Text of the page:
Stefano, on the other hand, was adoring of his new family members. With hair the colour of molasses and eyes the palest of green he was supposedly the image of his mother and it surprised Izzy that Francesco did not dote on him more for that very reason. But his father paid him little or no attention, instead smothering Izzy with affection whilst Stefano played quietly by himself. The little boy seemed content with the arrangement however and did not appear to suffer from his father's neglect, seeking Christy or Izzy out whenever he was in need of a cuddle. As an adult Izzy would often wonder whether Stefano, as a little boy, had somehow known he was better off avoiding his father's attention.

If Izzy found her stepfather's preference for her suffocating at times she did her best not to show it. There was nothing untoward about his behaviour but it did have the ability to make her extremely uncomfortable when his 'real' children were around, the difference in his body language towards them being markedly colder. He would greet Lorenzo with a handshake, the girls with a brief kiss, and Stefano with a ruffle of his hair. Izzy in contrast would be scooped into his arms and squeezed so tightly she could barely breathe until she managed to wriggle free and run off to play. By the time Christy and Francesco's relationship began to break down it became clear that even her own mother had resented this favouritism.

Sometimes I think you married me just to get to her, she had spat at Francesco one particular evening, during a period in her life when the drink had been in control.

Izzy had run to her room, fearful of her mother's temper, and listened as the voices from downstairs built to a crescendo of smashed glass, Christy shouting at Francesco,

You never loved me! You just wanted a mother for your bloody children!

Izzy often wondered what she might have done had she known what her mother had planned after that fight. Just a few nights later with Francesco in Rome on business, Christy woke her in her bed, packed a bag of her clothes and dragged her from the house, leaving Stefano bewildered on the doorstep with their housekeeper, Pietronella. It had broken Izzy's heart and throughout the entire journey to London and for many weeks afterward she had cried over the loss of her darling little brother.

After that, though they never divorced, Christy had settled once again in England with Izzy whilst Francesco remained in Italy. Izzy kept in contact with her stepfamily, albeit sporadically, and watched as the other Corbelli children made a concerted effort to escape their father by scattering themselves across Europe for work and study. Yet from time to time Lorenzo, as the eldest Corbelli child, would see to it that they reunited with Izzy at Il Rifugio. In the early days, she and Christy would travel to Italy together, though her mother always refused to come to the house, preferring to keep a safe distance from Francesco by remaining in Rome or Florence. But as the years went by and Francesco's relationship with his children became more and more strained, the visits began to wane. By her mid-twenties the gatherings had been reduced to just one weekend a year with one or two of the others in attendance until eventually it was just Izzy and Francesco. But whilst it pained her that she seemed to be losing touch with all of them, it was the loss of Stefano she felt the most keenly. By the time of her last visit to Il Rifugio she hadn't seen him in years and it was therefore inevitable that, as she and Francesco sat at the dinner table, nursing glasses of amaretto, his name would come up.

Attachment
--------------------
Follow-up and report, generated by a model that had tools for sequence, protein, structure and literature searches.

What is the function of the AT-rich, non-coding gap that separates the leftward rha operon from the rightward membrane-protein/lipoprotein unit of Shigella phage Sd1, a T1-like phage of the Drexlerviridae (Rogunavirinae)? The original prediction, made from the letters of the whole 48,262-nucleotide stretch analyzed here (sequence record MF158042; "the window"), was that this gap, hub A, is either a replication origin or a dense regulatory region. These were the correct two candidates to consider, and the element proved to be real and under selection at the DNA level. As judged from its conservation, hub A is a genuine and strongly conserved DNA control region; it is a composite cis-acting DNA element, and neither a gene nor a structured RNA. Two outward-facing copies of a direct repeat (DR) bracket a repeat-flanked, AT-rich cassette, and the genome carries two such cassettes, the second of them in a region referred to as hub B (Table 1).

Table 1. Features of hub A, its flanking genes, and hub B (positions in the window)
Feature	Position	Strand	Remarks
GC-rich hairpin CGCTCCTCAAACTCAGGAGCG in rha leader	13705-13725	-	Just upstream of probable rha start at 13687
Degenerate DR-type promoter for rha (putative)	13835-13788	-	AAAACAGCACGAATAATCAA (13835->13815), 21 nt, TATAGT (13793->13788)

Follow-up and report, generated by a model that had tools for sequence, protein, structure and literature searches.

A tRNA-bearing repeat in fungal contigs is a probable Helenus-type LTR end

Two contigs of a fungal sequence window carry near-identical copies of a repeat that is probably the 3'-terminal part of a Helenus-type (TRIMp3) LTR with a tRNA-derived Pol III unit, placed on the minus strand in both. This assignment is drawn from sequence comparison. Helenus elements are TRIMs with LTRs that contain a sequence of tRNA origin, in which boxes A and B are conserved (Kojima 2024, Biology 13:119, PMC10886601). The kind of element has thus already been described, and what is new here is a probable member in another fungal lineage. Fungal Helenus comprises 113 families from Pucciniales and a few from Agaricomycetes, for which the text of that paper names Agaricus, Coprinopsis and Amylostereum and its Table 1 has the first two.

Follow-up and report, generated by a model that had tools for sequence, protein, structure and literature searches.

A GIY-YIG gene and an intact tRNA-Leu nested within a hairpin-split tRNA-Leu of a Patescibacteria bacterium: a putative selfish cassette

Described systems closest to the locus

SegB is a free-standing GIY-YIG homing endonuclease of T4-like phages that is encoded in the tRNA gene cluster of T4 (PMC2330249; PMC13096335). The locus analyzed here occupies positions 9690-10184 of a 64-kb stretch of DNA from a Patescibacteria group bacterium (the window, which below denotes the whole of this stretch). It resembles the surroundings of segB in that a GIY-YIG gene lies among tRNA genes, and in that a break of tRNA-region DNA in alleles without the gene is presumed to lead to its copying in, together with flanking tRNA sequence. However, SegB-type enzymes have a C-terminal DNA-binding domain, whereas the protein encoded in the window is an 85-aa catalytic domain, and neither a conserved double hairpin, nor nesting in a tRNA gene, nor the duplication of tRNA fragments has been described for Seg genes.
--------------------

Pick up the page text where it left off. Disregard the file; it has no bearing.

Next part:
Do you realise I've not seen Stefano in over two years? Izzy commented as she sipped from her glass.

Francesco was smoking one of his trademark cigars, his chest wheezing with every inhalation.

Probably for the best. he grunted.

Why on earth would you say that? she asked, surprised by his comment,

You two were always far too close. It's not normal. It's best there's some distance between you.

Izzy was speechless. She had never known her affection for Stefano was frowned upon. She looked at her stepfather, at his thinning hair and the deep furrows in his brow, and wondered what had happened over the years to make him so bitter. She had seen photographs of him as a young man, handsomely debonair, and it seemed now that the only hint of who he had once been was in his sharp blue eyes, which when focused on you were impossible to ignore. Life had taken its toll.

Why? Isn't it natural for a brother and sister to be close?

You are not brother and sister, he said calmly, all the while staring her straight in the eye.

As you always like to remind me, she replied, am I still not good enough to be considered a Corbelli?

Of course you are, don't be ridiculous, he scoffed, Stefano on the other hand is proving to be a disappointment. We should never have had him.

His comment shot straight through Izzy's heart,

How can you say that? she asked, incredulous. It's not his fault his mother died.

I never said it was, he answered, staring out into the pitch-black of night, it was entirely mine.

I don't understand.

But she was met by silence. Francesco ground his cigar out in the ashtray and rose from the table.